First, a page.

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  • #46

    Re: GFCI's

    I agree with Dave K's response above. Or just spend the money and put in a ground fault circuit breaker. But either way it should be inspected.

    In my main panel I have a 60 amp ground fault circuit breaker feeding a sub panel going to my hot tub. The sub panel has one double breaker that feeds the hot tub and two breakers that feed 2 outlet receptacles. If I remember correctly the breaker cost me $170, 10 years ago.

    Oh wow, they are only $279 now. https://www.homedepot.ca/product/sie...ker/1000118892
    Last edited by Matt Matt; 04-07-2021, 01:41 AM.
    For every action there is an equal and opposite reaction.
    Sir Isaac Newton.

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    • #47

      Re: GFCI's

      Originally posted by dave_k View Post
      Unless you are a Master electrician or electrical engineer stick to the prescriptive code and listed devices. Don't even argue about it because someone may read what you wrote and take it as gospel without reading further or doing due diligence. Back to the OP .... you can't wire a GFIC as a split receptacle period. if you want 2 GFCI's on separate circuits in a bathroom install 2 GFIC's .... after you pull a homeowners permit and get it inspected of course.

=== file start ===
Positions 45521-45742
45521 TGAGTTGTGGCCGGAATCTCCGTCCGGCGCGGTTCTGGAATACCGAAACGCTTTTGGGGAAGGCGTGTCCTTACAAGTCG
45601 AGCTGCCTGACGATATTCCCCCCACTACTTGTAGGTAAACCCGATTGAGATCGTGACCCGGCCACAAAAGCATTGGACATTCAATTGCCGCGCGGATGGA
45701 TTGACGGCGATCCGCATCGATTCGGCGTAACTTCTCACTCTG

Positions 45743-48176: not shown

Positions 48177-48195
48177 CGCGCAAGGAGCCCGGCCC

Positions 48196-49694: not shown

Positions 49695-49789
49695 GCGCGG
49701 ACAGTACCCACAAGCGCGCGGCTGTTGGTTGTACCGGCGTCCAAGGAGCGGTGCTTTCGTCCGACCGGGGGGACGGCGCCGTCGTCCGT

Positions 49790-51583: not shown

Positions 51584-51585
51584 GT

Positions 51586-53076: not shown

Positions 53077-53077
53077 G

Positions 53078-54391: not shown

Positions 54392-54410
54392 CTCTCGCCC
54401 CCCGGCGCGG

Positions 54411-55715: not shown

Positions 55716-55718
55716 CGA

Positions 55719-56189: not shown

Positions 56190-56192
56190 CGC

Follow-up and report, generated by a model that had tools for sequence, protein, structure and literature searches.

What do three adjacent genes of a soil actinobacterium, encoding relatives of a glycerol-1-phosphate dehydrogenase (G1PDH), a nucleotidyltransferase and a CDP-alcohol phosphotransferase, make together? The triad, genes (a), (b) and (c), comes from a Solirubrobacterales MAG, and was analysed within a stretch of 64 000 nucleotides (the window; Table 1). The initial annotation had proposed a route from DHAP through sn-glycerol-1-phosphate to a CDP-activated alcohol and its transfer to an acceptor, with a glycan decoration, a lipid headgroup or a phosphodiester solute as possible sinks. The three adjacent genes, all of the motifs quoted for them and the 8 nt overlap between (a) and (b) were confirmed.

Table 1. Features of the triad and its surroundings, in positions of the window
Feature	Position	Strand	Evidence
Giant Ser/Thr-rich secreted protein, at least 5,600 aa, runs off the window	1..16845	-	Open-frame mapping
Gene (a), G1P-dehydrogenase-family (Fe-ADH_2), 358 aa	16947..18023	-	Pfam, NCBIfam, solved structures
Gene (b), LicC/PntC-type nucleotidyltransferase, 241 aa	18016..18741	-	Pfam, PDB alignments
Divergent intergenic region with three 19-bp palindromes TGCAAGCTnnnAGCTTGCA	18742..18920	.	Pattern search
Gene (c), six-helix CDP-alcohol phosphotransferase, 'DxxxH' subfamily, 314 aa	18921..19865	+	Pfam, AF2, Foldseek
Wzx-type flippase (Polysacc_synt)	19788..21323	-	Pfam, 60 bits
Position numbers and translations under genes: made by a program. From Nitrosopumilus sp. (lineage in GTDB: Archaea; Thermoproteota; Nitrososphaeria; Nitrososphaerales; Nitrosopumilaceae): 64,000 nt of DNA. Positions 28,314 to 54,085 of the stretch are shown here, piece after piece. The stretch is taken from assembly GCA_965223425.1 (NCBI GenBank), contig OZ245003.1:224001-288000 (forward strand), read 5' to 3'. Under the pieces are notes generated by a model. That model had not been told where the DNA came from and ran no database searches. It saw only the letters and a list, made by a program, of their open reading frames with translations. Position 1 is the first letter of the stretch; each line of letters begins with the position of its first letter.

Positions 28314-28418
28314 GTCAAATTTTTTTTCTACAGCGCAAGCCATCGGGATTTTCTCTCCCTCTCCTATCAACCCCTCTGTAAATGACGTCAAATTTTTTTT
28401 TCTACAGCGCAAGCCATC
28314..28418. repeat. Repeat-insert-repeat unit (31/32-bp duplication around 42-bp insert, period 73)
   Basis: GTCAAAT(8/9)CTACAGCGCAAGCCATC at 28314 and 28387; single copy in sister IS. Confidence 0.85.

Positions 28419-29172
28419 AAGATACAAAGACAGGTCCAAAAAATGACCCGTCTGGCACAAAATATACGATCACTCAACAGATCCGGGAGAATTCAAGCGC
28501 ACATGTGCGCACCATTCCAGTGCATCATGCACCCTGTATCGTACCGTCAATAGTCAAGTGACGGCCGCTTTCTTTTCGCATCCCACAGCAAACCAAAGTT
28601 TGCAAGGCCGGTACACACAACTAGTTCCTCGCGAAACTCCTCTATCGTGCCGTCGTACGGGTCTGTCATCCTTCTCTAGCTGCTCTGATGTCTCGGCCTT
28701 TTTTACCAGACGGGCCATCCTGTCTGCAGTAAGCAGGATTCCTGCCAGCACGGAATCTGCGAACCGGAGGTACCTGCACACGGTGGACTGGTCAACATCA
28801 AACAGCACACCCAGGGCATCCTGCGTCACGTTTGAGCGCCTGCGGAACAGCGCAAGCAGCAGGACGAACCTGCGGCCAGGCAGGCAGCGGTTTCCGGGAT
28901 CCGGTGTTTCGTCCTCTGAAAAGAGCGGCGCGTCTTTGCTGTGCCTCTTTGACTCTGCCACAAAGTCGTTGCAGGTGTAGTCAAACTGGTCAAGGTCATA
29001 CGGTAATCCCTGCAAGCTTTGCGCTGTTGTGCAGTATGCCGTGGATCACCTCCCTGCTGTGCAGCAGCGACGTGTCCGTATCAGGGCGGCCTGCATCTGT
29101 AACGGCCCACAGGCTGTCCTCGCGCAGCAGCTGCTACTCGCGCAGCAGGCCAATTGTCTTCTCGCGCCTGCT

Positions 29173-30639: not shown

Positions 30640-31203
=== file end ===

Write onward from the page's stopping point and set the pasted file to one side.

If you want to do DIY wiring buy "The House Wiring Guide by PS Knight and stick to it then get your work inspected. https://psknight.com/
      I agree with all of the above.

      A bit of digression here. PS Knight is an interesting company. They have been involved in a pi55ing match with CSA for years over the outrageous price of the CEC Part 1 publications, which I believe it's as much a principle thing as financial. They sell a virtually word for word copy for well under half the price CSA does. Of course, CSA has their knickers in a right twist over this & there has been lots of legal activity over it. As a long time customer of CSA, I have mixed feelings about them. They put out good product, but all their services, publications, education, etc. are so overpriced that I only buy from them what I can't get anywhere else.

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      • #48

        Re: GFCI's